With your net worth & unique situation, you need to pay a fee-only tax & estate planning expert for guidance. It will be money well-spent. Agree. I will research advisors but off the top off your head do you know one who would be good for me or how I can find one? Unfortunately, I don't have a name to recommend, but a good place to start is the National Association of Personal Financial Advisors- https://www.napfa.org/find-an-advisor# Another resource is the Garrett Planning Network- https://www.garrettplanningnetwork.com/ Both of these group are fee-based, but exactly how the fees are charged varies by adviser, so you'll need to discuss exactly how you'll be charged when you have an initial meeting. Given your complex situation, p...
Fri Mar 10, 2023 7:40 pm
Forum: Personal Investments
Topic: Cusp of retirement. Questions on withdrawals, Roth conversions, TIPS, SS
Replies: 20
Views: 2601

### Re: Cusp of retirement. Questions on withdrawals, Roth conversions, TIPS, SS

We are a married couple. Him:  age 57.  Life expectancy age 70-75. Her:  age 53 normal life expectancy.   Portfolio: Taxable:   \$5 million tIRA/401k:  \$3.7 million Roth:  \$0.6 million Total:  \$9.3 million  Current allocation:  VTI 53 %, VXUS 7 %, BND 40% All BND is in tIRA/401k Income going forward probably in the range of \$100k annually for 2-4 years.     Annual expenses not including taxes \$210k (not much flexibility on this, much of this is medical/insurance related expenses).  We own home outright.  No pensions.  No debt. SS estimate:  him: \$3200 if taken at age 67.  Her:  \$1500 if taken at age 67 Taxes:  Currently 9.3 % state, 24 % federal tax brackets No children or legacy concerns.  Questions: 1)  Is a reasonable withdrawal strategy...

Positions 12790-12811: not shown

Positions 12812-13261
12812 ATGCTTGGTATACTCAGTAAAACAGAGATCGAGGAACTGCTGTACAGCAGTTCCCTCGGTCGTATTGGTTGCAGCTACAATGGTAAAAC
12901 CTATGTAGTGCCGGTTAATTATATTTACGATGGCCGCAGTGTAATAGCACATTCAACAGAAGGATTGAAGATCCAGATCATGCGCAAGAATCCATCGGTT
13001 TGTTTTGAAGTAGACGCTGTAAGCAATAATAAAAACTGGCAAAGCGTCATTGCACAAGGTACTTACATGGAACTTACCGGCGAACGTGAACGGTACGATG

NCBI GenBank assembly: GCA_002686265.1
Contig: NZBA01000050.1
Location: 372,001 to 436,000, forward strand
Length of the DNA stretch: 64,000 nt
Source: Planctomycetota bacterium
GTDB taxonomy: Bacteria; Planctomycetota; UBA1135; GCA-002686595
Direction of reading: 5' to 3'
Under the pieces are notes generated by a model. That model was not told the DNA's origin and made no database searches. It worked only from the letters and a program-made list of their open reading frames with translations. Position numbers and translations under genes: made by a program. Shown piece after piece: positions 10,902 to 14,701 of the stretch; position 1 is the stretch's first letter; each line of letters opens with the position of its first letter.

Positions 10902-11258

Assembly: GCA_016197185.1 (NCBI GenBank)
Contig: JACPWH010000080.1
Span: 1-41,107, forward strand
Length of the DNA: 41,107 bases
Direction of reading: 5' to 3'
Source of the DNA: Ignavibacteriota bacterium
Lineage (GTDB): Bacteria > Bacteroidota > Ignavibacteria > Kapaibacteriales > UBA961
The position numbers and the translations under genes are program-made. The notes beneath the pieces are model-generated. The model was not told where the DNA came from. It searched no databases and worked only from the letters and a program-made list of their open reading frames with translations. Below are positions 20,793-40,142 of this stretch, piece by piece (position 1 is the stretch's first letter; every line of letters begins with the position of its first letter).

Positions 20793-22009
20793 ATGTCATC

Fri Mar 10, 2023 4:52 pm
Forum: Personal Investments
Topic: Taxable Account Question
Replies: 30
Views: 2344

### Re: Taxable Account Question